In the latest installment of our new (semi)regular segment, Wow! Really?, we examine little-known or unexpected facts about Hungary and Hungarian culture. Today, we turn to a Hungarian-American who wants to fundamentally change the nature of humanity.
Zoltán István, a Hungarian-American journalist entrepreneur, and candidate in last year’s US presidential election, is one of the leading voices in the world of ‘Transhumanism,’ a movement whose core belief is that, through the extensive use of technology and scientific advancement, humans will eventually be able to live forever.
Speaking to The Atlantic, István likewise described how he came to embrace the tenants of transhumanism. The former journalist came to this realization in 2003, when, while working for National Geographic in Vietnam, he nearly activated a landmine. This experience led him to quit journalism and become a full-time advocate for transhumanism: “I thought, ‘death is horrible,’…How can we get around it?”
Likewise, István is extremely enthusiastic about the integration of technology and the human body. He has a chip implanted in his hand that opens his front door at a wave, and would like to replace his limbs “with bionics so he can throw perfectly in water polo.” He sees such physical integration of humans and machines as a key part of the future, and told the Atlantic that he would be surprised if “we don’t start merging our children with machines” in the near future.”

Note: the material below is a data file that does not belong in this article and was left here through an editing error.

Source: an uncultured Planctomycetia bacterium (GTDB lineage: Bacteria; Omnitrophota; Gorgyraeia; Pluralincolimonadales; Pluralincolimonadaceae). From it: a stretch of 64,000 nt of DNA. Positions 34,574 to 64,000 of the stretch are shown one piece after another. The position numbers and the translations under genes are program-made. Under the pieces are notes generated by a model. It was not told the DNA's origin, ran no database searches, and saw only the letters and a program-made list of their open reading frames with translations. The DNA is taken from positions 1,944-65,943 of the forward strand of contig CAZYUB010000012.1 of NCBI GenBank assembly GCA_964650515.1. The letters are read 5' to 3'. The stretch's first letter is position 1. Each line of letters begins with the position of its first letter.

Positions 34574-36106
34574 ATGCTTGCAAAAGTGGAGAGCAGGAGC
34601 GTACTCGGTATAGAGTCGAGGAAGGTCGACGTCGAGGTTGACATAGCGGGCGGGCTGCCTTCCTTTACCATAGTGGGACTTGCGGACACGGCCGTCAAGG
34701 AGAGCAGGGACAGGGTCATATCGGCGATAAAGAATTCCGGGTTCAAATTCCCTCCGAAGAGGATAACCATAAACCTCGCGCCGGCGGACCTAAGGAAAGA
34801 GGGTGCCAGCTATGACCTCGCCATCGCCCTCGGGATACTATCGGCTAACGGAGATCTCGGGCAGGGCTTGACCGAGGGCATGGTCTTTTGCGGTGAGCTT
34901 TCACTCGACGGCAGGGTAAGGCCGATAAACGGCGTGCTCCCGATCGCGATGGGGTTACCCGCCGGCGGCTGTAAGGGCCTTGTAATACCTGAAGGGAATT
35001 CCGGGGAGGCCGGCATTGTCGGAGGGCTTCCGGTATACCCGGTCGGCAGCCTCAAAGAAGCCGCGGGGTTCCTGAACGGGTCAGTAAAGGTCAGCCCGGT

István has appeared at events all over the world promoting his vision of a future that many would consider to be something straight out of science fiction; last summer, he took part in the Brain Bar Budapest festival, a gathering of world class scientists and thinkers held in June in the Hungarian capital. You can view his Brain Bar discussion below:
Upon launching his 2016 presidential campaign, István took Transhumanism on the road, driving around the US spreading his message in his signature “Immortality Bus,” a campaign bus that had been modified to look like a coffin. While traveling as the self-described “science candidate”, he received plenty of criticism for the atheistic nature of his views, particularly in more religious areas of the country. By his own admission, however, István’s goal in running was never to win, but rather to increase the visibility of, and drum up support for, the idea of transhumanism.
And the idea itself is catching on, particularly in Silicon Valley, where it would seem that dreams of immortality are dancing in tech barons’ heads. Nor was the 2016 election Zoltan’s last foray into politics; earlier this month, the journalist-entrepreneur-transhumanism evangelist announced his intention to run for Governor of California as a Libertarian.
If all this wasn’t enough, Zoltán István is also the self-proclaimed inventor of an entirely new extreme sport: Volcano Boarding.
Via BBC, the Atlantic, the Guardian, zoltanistvan.com, and Newsweek
Images via memory-alpha.wikia.com, zoltanistvan.com, the BBC,